Flying With Faber - April 2010

The seat of McIntosh County, Darien is a coastal tidewater town about sixty miles south of Savannah. Its origins can be traced to the earliest years of colonial Georgia. The city is some of the best shrimping ground in the country. (Georgia Department of Economic Development)Georgia’s Coast–An Untouched Treasure

By Stuart J. Faber

One of the most pristine areas of the southeast lies along the Georgia coastline and extends from the southern boundary of South Carolina to the northern boundary of Florida. Unknown to many, and especially me, many famous battles between the Colonists and the British were fought along these shores, and a few Civil War skirmishes as well. Recently, I visited this area from Brunswick to the Florida state line. Just north of the Florida border is the quaint village of St. Mary. To the east of St. Mary is the breathtaking Okefenokee National Wildlife Refuge.

Click to read more ...


A Visit With the Blue Angels

The Blue Angels fly in front of the Golden Gate Bridge. (Sagar Pathak)By Stuart J. Faber

Everyone, including me, loves the Blue Angels.  Through the years, I have attended a number of their spectacular performances.  My enthusiasm increases with every new airshow I see. Recently, a few journalists and I were gathered around the Hyatt at Fisherman’s Wharf where most of the Blue Angels pilots were billeted and hanging out.

While enjoying a buffet lunch of sandwiches, tapas and sweets at Knuckles Bar and Grill at the Hyatt, we were thrilled to meet up with two of the Blue Angel officers for a preflight get-together.  Marine Captain Tyson Dunkelberger is an information officer with the Blue Angels. Navy pilot Lt. Ben Walborn flies aircraft number seven and is one of the narrators and advance men for the 35 airshows the group performs each year. Ben is a 29-year-old pilot who began his flight training in a T-34 and transitioned to jets via the T-45. He completed his flight training in the F-18 Hornet, then did a tour in Japan before he joined the Blue Angels. These two friendly, yet all-business guys shared our culinary largesse while graciously answered all of our questions.

Click to read more ...


The Spectacular New Las Vegas CityCenter

By Stuart J. Faber

The new CityCenter sparkles at night on the Las Vegas skyline. (Photo courtesy of MGM Mirage)So long as you have a spare $8.5 billion, why not build a new compound of hotels and shopping centers?  Well, that is exactly what has happened in Las Vegas. Just 10 minutes from McCarran Airport lies a 67-acre, 18 million-square-foot complex which includes a 500,000-square-foot luxury shopping mall named Crystals along with three hotels, a casino and a hefty number of restaurants. This conglomeration of six shimmering, sleek glass and steel towers is a joint venture between MGM Mirage and the folks from Dubai World.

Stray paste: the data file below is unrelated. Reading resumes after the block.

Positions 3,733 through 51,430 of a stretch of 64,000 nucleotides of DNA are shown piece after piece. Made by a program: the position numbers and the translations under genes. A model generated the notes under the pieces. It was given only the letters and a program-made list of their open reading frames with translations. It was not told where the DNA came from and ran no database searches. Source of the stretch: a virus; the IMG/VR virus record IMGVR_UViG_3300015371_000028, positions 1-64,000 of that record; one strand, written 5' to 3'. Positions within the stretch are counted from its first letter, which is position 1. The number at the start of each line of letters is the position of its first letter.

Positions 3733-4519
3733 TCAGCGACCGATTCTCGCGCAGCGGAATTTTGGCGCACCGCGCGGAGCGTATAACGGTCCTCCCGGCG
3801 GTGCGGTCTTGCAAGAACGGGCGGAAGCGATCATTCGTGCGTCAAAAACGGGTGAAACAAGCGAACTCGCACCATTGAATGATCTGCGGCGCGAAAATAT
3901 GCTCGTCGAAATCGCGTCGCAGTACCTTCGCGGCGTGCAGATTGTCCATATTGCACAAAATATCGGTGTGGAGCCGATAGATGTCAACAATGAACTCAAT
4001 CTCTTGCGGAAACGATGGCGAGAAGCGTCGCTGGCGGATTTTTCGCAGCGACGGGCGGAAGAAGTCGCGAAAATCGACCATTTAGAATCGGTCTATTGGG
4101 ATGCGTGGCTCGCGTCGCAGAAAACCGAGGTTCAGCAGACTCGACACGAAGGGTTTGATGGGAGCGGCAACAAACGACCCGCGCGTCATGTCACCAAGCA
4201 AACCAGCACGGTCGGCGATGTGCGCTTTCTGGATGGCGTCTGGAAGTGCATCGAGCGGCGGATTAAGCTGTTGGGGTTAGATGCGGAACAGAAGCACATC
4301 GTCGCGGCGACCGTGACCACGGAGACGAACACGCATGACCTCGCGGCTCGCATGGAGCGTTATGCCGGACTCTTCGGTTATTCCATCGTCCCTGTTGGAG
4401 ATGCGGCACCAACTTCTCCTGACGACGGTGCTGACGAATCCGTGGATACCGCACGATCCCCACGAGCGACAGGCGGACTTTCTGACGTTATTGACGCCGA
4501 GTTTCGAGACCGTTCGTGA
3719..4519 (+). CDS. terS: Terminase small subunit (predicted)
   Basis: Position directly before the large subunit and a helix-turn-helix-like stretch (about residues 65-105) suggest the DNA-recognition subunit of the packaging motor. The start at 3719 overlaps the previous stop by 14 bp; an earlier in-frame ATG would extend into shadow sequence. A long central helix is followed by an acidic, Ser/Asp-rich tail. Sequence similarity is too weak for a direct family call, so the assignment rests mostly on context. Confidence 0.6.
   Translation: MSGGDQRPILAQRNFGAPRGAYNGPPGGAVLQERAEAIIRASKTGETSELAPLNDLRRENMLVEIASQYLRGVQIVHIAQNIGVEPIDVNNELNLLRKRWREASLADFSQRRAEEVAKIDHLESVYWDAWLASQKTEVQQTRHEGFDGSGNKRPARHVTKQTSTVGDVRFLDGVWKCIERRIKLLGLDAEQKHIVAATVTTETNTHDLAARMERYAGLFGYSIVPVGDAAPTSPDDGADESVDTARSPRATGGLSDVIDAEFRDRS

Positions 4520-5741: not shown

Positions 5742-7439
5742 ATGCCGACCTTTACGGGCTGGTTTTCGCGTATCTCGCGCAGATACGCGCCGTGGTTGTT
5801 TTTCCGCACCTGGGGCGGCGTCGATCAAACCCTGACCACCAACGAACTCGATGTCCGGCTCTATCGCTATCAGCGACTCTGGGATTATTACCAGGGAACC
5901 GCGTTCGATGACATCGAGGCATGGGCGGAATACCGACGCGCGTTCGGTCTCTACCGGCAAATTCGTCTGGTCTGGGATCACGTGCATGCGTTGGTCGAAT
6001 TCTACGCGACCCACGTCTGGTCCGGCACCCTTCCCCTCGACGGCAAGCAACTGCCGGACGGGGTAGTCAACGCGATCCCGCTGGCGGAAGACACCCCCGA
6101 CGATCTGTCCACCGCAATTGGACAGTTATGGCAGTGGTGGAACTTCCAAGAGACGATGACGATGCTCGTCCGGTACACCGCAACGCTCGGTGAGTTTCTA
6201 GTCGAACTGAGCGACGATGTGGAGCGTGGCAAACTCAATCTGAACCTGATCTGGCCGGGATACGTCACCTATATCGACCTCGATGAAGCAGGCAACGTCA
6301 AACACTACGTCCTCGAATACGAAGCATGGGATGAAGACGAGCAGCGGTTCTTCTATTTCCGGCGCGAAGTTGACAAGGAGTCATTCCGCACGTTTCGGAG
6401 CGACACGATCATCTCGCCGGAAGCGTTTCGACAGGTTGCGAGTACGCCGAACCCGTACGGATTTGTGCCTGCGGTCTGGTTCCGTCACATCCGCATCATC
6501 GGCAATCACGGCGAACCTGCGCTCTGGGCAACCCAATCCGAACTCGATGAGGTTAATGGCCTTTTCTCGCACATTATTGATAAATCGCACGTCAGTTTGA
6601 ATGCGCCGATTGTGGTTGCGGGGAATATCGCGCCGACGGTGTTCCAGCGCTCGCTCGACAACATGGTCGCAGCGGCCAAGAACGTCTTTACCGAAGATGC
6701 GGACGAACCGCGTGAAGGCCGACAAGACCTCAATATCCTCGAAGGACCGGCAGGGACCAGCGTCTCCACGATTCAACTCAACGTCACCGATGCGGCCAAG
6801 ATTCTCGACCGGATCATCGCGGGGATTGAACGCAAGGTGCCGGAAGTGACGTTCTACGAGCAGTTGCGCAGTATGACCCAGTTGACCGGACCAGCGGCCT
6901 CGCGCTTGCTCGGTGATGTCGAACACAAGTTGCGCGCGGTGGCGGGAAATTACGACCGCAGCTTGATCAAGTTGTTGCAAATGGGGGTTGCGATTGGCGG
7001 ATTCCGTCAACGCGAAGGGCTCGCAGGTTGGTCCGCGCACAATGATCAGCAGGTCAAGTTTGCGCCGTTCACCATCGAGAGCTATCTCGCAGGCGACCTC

Opened in December 2009, this complex, designed by such architectural notables as Cesar Pelli, Daniel Libeskind, David Rockwell, Sir Norman Foster, Art Gensler and Rafael Vinoly is the largest development on the Strip – well, adjacent to the Strip. The development houses a host of celebrity chef restaurants, five nightlife venues, elaborate water displays, high-roller suites and VIP gaming areas, plus a $40 million collection of art.   I attended the grand opening of CityCenter, enjoyed the fireworks display, sampled the offerings of most of the restaurants and snooped through the rooms, suites, casino and meeting space of the three hotels.

Click to read more ...


Let's Meet in Scotland

By Stuart J. Faber

Edinburgh Royal Mile (VisitScotland Business Tourism)

Recently, I returned from a voyage to one of my favorite destinations. Later, I will explain why I am so fond of Scotland. What I find curious is that, whenever I return from a trip, one of the first questions I am asked is, “How was the weather?”

Even with locals, weather seems to be a primary topic of discussion. On a warm, sunny day, I was met with: “We selected this weather just for you today.” On a cold or rainy day, “We apologize for the weather.”

As pilots, of course, weather is always a primary component of our decision either to launch or keep the ship in the hangar. As far as travel on land is concerned, weather is of minimal importance to me, with some exceptions. For example, icy roads will keep me off the highways. A rainy day will not keep me indoors, but will prompt me to take along a raincoat.

Click to read more ...

Page 1 ... 11 12 13 14 15
Copyright © 2009, In Flight Media. All rights reserved.
This work is licensed under a Creative Commons Attribution-Noncommercial-No Derivative Works 3.0 Unported License.
Creative Commons License

Designed by jbNadler Creative Labs